Aside from effectively eliminating the need to physically handle cash and credit cards, the main driver to biometric payments’ success is the convenience offered. With biometric payments, users no longer have to worry about passwords and PINs that can be too hard to remember — or worse, susceptible to security risks if not created carefully. In contrast, convenient ‘tap’ payments, which are faster than chip-and-PIN payments and require less physical interaction, are considered more secure. In the case of contactless cards, growing in popularity for lower-value payments in many markets, the embedded near-field communication (NFC) antennas create unique cryptograms for each individual transaction. Even without fingerprint authentication, they deliver security without harming user experience or slowing down transactions.
However, while the convenience of biometric payments can’t be denied, today’s cybersecurity graduates are taught offensive measures to promote mobile security, as issues involving data theft and privacy are key concerns for those in the industry. In fact, statistics show that the demand for cybersecurity experts in the US nearly doubled from 2013 to 2019, and it’s an area growing three times as fast as other IT roles. This should come as no surprise, given the wealth of information now being shared through digital means, and what it could mean if any of it was compromised.
Take, for instance, fingerprints: if they were left in usable forms and stored by certain security solution companies unencrypted, highly capable hackers would be able to create “masterprints” that could match a large number of fingerprints and copy people’s actual fingerprints, which they could then use for malicious purposes. This reality reminds us that while biometric authentication improves upon traditional security measures, it still has its flaws. Unlike usernames and passwords, fingerprints, face profiles and the like cannot be changed once stored. Meaning once biometric data is compromised, it remains compromised. Fortunately, with more data, computing resources and sophisticated science, biometric data can become increasingly complex – to the point where hackers would have a hard time accessing it. As always, it’s a case of security and fraud experts staying a step ahead of cybercriminals.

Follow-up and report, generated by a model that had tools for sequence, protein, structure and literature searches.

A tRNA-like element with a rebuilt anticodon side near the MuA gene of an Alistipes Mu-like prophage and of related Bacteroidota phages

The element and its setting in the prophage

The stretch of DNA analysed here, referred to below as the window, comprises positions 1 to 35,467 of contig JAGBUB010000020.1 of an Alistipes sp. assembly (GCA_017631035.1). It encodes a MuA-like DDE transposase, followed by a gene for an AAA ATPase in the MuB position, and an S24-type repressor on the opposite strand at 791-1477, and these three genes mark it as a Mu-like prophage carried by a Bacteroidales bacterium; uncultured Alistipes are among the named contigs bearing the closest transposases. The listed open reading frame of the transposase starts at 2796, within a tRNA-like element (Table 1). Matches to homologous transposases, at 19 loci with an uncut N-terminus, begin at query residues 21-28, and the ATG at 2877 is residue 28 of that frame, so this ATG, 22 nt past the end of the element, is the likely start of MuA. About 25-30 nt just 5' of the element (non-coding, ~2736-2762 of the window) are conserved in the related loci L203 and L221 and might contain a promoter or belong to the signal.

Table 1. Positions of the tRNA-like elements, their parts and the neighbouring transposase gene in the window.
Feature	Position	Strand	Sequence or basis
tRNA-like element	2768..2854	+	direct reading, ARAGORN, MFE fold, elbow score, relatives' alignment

With the ongoing pandemic speeding up certain changes, such as the massive shift to remote work and the reduced usage of cash, it has also accelerated the adoption of biometric authentication all over the world. For instance, in France, banks such as Crédit Agricole already announced plans to launch biometric payment cards that meet testing and certification requirements. In Japan, leading payment network JCB recently launched a new contactless payment device Tap on Mobile, which will govern all aspects of contactless payment transactions. Securely made on NFC-enabled Android smartphones, the system can be used for a variety of purchases and payments such as event tickets and as fares for different car-sharing programs. We can also use India as an example, where the national biometric identity system was introduced in 2009. The government has since been continuously integrating biometric devices into a plethora of welfare schemes to weed out duplicate beneficiaries and ensure that benefits are delivered to the intended recipients.
Even though some markets are still lagging behind when it comes to bringing biometric authentication into the mainstream, it hasn’t stopped some experts from entertaining the thought of the future of payments that primarily center around self-sovereign data (SSD). SSD is a vision for a portable, private, secure and convenient digital identity that boasts different layers of security and flexibility. Individuals would have complete ownership and control over their digital information and how their personal data is being shared or used. Additionally, laws such as the EU’s General Data Protection Regulation (GDPR) are effective not just in setting the stage for the new age of proactive data security, consent management and customer-centric controls, but also in empowering citizens. After all, such regulations are providing consumers with legitimate ownership and rights over the data they produce. While it is still too early to determine how far 2020 will take biometric authentication, one thing is for sure: this year has made biometrics a stable fixture in today’s modern landscape.
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